If you haven’t been living under a rock or have had a single conversation with a Portland Timbers fan in the last year, you may be aware that some traveling fans received bans after displaying flares at their 2011 away match at Real Salt Lake.
Flares are banned at the Rio Tinto and there are competing accounts of whether laws were deliberately flouted but the consequences were fairly severe for those falling foul of the stadium regulations.
The resulting bans and the role of the Timbers Army leadership in both negotiating on behalf of, and identifying the culprits for lighter sentences, caused some personal animosity among fans that still lingers.
The whole episode hardly improved relations between fans and the Timbers Front Office and remained a sore point throughout much of 2012, at least until bigger and better dramas replaced it.
Therefore many in Portland were surprised to visit MLSsoccer.com this morning and see photography of the fans from the match in question used to promote tonight’s LA Galaxy v Vancouver Whitecaps match.
Flares are to be permitted at tonight’s game in Carson, CA but many in Portland are accusing MLS of hypocrisy in using photographs of them waving flares, having banned them for doing so in the same photographs.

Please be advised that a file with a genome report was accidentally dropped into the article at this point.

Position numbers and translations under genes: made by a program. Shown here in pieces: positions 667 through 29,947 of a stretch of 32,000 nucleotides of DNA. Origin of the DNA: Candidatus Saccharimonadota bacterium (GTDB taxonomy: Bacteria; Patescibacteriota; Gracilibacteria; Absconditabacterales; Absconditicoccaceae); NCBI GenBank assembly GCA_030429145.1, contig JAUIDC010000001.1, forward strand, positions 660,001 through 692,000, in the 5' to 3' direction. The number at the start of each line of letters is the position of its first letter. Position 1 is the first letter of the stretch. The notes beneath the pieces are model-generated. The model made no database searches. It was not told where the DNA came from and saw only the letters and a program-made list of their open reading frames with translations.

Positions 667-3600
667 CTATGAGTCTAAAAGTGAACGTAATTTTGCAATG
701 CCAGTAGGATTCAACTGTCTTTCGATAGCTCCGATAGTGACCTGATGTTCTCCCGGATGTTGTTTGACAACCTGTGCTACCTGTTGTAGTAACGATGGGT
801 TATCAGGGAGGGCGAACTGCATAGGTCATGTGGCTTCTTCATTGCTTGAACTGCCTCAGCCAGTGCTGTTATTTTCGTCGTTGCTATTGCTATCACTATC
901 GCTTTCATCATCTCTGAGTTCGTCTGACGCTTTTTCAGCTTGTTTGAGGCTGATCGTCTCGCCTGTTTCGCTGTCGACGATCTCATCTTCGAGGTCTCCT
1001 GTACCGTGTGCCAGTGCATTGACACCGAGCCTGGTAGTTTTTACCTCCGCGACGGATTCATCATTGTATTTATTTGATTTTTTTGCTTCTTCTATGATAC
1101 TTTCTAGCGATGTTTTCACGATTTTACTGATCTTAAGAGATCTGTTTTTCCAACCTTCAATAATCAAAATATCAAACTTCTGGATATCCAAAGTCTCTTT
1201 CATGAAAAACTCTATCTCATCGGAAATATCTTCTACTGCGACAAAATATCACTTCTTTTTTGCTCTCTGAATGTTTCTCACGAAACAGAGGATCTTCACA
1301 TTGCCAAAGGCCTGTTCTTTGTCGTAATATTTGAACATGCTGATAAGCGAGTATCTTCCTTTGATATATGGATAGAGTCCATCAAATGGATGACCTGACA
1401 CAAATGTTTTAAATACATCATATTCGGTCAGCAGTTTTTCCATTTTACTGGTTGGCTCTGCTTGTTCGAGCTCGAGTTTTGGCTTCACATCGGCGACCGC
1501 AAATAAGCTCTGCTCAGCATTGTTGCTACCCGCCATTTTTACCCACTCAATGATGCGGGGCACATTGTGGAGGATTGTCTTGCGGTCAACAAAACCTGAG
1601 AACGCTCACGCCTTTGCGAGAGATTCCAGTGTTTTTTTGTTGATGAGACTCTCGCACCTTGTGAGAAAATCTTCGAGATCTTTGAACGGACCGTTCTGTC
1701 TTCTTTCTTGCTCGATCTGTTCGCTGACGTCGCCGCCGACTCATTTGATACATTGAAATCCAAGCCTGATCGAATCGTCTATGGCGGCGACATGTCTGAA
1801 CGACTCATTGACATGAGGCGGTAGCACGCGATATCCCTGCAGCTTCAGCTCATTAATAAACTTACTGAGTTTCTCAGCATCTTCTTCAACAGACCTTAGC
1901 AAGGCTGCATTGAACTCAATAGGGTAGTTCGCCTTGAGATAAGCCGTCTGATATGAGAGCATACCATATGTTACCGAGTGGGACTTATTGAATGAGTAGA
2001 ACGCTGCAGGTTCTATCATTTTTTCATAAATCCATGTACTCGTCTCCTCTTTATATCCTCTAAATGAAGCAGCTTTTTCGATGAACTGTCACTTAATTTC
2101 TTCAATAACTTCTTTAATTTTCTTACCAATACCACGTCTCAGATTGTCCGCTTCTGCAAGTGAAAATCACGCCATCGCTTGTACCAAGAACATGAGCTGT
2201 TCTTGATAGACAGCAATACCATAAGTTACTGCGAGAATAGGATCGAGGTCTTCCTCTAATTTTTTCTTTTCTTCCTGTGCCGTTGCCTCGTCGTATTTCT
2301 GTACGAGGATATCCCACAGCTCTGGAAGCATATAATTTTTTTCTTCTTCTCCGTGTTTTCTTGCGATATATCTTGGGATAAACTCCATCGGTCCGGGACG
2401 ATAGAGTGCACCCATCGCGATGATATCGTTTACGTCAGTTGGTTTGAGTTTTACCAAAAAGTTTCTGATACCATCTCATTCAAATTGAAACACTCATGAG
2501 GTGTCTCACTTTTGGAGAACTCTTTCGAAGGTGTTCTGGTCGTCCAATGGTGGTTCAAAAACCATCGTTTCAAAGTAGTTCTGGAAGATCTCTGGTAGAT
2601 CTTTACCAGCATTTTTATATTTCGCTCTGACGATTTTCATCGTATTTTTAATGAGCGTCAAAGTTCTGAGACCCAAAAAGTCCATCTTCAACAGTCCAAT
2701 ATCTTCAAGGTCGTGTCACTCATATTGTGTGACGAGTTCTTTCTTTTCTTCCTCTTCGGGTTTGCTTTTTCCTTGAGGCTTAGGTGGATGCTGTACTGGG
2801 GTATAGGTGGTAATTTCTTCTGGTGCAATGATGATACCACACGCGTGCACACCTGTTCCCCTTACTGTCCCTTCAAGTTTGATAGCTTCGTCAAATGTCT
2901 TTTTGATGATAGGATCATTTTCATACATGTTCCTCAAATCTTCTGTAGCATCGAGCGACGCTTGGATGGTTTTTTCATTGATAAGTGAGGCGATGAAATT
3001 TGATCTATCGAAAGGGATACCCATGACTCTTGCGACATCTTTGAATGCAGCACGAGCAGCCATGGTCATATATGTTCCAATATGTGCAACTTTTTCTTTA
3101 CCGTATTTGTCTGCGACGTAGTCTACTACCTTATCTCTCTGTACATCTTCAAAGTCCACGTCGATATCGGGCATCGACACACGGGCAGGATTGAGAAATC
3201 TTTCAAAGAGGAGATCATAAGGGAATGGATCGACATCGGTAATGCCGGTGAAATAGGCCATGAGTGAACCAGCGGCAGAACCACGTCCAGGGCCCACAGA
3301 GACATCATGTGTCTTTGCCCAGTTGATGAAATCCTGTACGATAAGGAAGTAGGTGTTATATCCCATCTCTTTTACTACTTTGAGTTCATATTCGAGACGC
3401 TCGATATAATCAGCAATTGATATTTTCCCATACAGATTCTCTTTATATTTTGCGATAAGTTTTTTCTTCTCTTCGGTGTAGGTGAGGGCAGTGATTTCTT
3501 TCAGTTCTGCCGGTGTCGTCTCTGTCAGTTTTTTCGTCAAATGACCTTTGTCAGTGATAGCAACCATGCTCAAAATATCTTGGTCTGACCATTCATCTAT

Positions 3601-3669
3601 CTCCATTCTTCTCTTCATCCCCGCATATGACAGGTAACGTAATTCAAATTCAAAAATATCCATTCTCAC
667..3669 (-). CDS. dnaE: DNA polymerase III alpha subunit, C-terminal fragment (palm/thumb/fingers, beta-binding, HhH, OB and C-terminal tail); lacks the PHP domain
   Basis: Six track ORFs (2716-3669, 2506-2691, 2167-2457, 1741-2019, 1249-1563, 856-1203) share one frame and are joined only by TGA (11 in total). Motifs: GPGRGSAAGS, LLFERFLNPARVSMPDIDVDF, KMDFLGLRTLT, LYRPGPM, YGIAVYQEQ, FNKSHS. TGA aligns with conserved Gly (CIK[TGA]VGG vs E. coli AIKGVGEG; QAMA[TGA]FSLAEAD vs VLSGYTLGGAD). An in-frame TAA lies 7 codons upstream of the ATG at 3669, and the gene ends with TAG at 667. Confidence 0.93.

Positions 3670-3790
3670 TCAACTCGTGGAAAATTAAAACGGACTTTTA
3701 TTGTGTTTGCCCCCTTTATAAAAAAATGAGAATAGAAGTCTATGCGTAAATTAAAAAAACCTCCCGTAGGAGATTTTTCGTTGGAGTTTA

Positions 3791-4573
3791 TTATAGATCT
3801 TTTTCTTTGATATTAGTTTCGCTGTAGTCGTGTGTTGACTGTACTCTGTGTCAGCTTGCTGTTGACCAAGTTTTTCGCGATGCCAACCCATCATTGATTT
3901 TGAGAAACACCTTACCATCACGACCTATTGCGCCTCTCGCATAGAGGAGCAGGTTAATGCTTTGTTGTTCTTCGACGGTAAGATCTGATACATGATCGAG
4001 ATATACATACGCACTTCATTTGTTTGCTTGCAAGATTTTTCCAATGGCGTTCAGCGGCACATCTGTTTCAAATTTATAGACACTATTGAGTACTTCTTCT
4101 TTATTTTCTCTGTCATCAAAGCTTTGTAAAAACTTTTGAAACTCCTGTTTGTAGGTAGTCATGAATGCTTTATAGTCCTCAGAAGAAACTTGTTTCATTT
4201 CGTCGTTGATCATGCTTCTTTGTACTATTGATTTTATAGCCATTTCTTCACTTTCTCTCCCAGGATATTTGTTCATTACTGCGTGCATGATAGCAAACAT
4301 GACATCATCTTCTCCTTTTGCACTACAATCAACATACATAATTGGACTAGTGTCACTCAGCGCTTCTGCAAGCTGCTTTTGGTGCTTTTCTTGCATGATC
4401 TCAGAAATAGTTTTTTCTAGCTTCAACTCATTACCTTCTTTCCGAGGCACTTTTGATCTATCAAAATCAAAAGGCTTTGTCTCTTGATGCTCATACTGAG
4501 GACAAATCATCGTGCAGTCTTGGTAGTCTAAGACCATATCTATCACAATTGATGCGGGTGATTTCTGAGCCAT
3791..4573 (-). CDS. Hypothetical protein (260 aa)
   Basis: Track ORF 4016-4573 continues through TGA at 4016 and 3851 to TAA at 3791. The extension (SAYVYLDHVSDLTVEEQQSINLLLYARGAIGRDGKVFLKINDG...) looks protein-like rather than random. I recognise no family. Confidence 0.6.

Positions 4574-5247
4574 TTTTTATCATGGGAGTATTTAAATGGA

The Timbers Army site called it a case of double standards. The article’s author Garrett Dittfurth also noted:
“On one hand the marketing folks think it looks awesome and really shows how edgy the league is. On the other hand they’ve hired outside consultants from all over the world to tell them how to discipline supporters groups for lighting flares/smoke and actively discourage it.”
One Real Salt Lake fan added on the Timbers Army page:
“I agree with the double standard and the league should not be using that TA photo from SLC to promote anything, as it resulted in people being arrested and banned from games/stadium… There seems to be a total disconnect between different groups in the FOs, between the fans and their FOs, between FOs themselves and between the FOs and the league. We all need to work together, ALL of us to make this league successful.”
The photograph has since been removed but the debate has now reopened on whether those banned, some of whom may well have been in the MLS promotional photograph, should receive an apology and some compensation.
As the Salt Lake fan has pointed out, there seems to be a disconnect; in this case at least between those writing on MLSSoccer.com and what is actually happening in the Supporter Culture universe.
One may also ask if the occasional visit from MLS officials ‘on safari’ in their own country to visit Cascadia is a sufficient level of communication and contact to avoid PR missteps like this.
Lastly one may ask whether this whole issue arises out of a desire to use Supporter Culture solely as a marketing tool, with insufficient knowledge of what that culture actually is and an insufficient desire to actually listen to supporters.
Supporters are not supermodels, existing purely to be photographed, with no interest in the final product or the direction of the sport. They may not always hold the views the authorities wish to hear but if they are going to be seen, then surely they deserve to be heard as well.
LA Galaxy v Vancouver Match Previews: